Dr Grace LeMasters and colleagues at the University of Cincinnati analyzed data provided by 32 previous studies. The team's research included information coming from nearly 110,000 professional firefighters.
The researchers suggested that exposure to certain chemicals like styrene, benzene, exhaust or formaldehyde are responsible for the increasing risk of cancerous tumors among firefighters.
"We believe there's a direct correlation between the chemical exposures firefighters experience on the job and their increased risk for cancer," said Dr Grace LeMasters.
The findings were published in the latest issue of the Journal of Occupational and Environmental Medicine.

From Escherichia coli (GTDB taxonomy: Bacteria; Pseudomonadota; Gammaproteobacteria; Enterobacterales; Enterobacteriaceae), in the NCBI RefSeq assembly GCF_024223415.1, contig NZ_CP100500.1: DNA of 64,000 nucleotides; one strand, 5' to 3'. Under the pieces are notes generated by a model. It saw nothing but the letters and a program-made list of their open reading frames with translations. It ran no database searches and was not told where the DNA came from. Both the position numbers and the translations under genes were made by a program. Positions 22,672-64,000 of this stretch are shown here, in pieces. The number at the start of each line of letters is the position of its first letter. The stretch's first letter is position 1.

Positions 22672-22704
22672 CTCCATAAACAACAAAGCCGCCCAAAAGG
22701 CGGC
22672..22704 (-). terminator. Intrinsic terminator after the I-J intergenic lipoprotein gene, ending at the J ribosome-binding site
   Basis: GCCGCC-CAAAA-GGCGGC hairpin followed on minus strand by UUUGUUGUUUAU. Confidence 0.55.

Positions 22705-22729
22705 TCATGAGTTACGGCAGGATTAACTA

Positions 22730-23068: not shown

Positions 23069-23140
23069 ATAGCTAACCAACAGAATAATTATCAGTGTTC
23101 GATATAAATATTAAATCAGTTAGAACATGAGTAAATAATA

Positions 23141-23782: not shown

The researchers are hoping that the current study will dermine authorities to supply firefighters with additional protective measure.
"There's a critical and immediate need for additional protective equipment to help fire fighters avoid inhalation and skin exposures to known and suspected occupational carcinogens. In addition, fire fighters should meticulously wash their entire body to remove soot and other residues from fires to avoid skin exposure," suggested Dr James Lockey, co-author of the study.
"Fire fighters work in an inherently dangerous occupation on a daily basis. As public servants, they need and deserve additional protective measures that will ensure they aren't at an increased cancer risk," concluded Dr Grace LeMasters.
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